Each year you can only shoot the surplus birds this is important. A breeding stock must be maintained. A spring count is taken of the birds. This will give you an idea of the number of shoots there can be that season. The surplus is worked out year by year. A good year will mean an extra shoot. You can make sure of a surplus by rearing birds. As they are wild they could wander off. It is your job to watch the birds and keep them in your territory. In the past Beil estate would be big enough to have grouse shoots but in the 1970s it was only pheasant and partridge shoots.

A low ground keeper only looks after pheasants and partridges. I was a low ground keeper. Pheasants can live for several years. They can also walk for miles. Today 20-30% of shoots are reared birds, the rest are wild birds.

A gamekeeper's year

In February you've to look at the dogs' kennels and clean them out daily. Then it's out and about to check your traps. Vermin needs to be controlled, usually with traps and guns. Pens for the new birds need to be got ready. Feeders must be sterilised. Everything must be clean as the birds easily succumb to ailments. The pens are sterilised at the end of the season then sterilised again at the beginning of the next season. The young birds are fed on prepared pellets. From six to seven weeks old they are introduced to wheat and that keeps them going all through the shooting season. By seven weeks old you can tell the sex of the birds. The young birds are kept in a pen for protection. It is covered in netting. Once they are six to seven weeks old they are moved to the woods and put into another release pen but it is open-topped, no roof. You need to contain the birds' area as they have a tendency to wander. In the breeding time they have a territory. But before the breeding season they wander. So this pen is an anchoring area. It's a lot bigger than the first pen as they tend to feather peck each other. They need cover to escape from predators and feel secure and a sunny area and a dusty area. There needs to be an area

where they can get up to roost, so that the foxes can't get them. For the first two weeks they will sit on the ground until it dawns on them that they can go up to roost. Then they gradually leak out of the pen and you place feeders around to keep them within an area. A pheasant is mature in 20 to 30 weeks. You need to be up early to feed the birds. The old method was to hand feed them three times a day. Just enough to keep them on the hungry side. Then down to twice a day then once a day.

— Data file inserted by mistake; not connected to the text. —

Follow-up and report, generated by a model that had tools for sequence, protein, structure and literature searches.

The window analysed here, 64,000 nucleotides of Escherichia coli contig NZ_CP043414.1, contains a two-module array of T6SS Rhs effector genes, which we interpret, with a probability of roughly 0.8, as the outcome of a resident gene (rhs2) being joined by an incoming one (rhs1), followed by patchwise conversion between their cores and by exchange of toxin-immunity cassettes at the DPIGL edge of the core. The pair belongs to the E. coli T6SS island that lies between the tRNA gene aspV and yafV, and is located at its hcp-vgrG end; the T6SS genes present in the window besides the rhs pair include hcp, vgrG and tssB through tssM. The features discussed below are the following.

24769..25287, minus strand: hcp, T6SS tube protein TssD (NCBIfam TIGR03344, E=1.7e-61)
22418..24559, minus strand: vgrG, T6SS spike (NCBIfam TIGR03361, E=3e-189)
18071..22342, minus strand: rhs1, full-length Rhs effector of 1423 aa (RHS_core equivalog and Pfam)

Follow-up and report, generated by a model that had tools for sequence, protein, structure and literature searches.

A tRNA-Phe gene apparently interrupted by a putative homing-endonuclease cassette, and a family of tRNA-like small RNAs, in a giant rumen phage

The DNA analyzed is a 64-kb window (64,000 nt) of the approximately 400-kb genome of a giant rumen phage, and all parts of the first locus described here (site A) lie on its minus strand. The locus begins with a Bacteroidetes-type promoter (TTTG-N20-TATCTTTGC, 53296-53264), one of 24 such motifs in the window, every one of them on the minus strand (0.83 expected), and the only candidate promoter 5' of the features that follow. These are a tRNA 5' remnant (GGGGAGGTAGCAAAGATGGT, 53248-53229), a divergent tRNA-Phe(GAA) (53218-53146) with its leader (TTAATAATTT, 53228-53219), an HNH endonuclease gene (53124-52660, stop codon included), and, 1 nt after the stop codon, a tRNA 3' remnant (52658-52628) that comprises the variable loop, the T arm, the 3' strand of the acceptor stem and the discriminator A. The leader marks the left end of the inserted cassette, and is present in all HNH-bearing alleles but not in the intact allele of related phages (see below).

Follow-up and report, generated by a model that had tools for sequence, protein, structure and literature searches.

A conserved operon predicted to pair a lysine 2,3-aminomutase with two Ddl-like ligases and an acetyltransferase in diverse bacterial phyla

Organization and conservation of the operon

Nowadays you have got what is called hopper feeding, where the birds just help themselves. This is still a debatable method. Some keepers just have to use hoppers as they have such a large ground to cover. The hoppers give you a wilder bird, which gives you a more sporting bird. A wild bird will tuck in and hide on the ground - it's a natural thing for it to do. It will do anything but fly.

In June and July the ground cover needs attention. On big estates it's the forester's job to look after the ground but if you are on an area just by yourself and the ground is a bit thick with growth then you might clear areas of ground for the beaters to walk through. The first shoot of the season is the most nerve wracking for any keeper. A whole year's work is resting on it. I couldn't eat anything on my first shoot of the season. We always shoot the outsides of the area first as you get the wild birds and the partridges on the outskirts of the estate. As the days get more intensive, the bigger bags, you move inwards towards the reared birds giving them time to mature.

An average shoot on Biel would have seven guns, about nine or ten beaters, at least two pickers up, and from one to four dogs. Biel doesn't have a gamekeeper now. There is a chap that does a bit of vermin work. But they only shoot once or twice a year .Now most shoots in East Lothian are syndicates. They shoot alone or let a day out to recoup some money. After a shoot the birds are hung in racks in the back of the game trailer. Firstly, to keep the pheasants' bodies out of the mud and then to cool the bodies down. Long ago there would be a gamecart keeper who took away the fallen birds.

Game could be looked at like a crop from an estate. On any shoot, a percentage of the birds get away and in between times they are living a fairly natural wild life.

I love training the dogs and I love the shooting and the quality of the lifestyle. My son is training to become a gamekeeper working with grouse. I hope that there will be a good secure future in it for him. I hope he gets as much enjoyment out of it as I have done.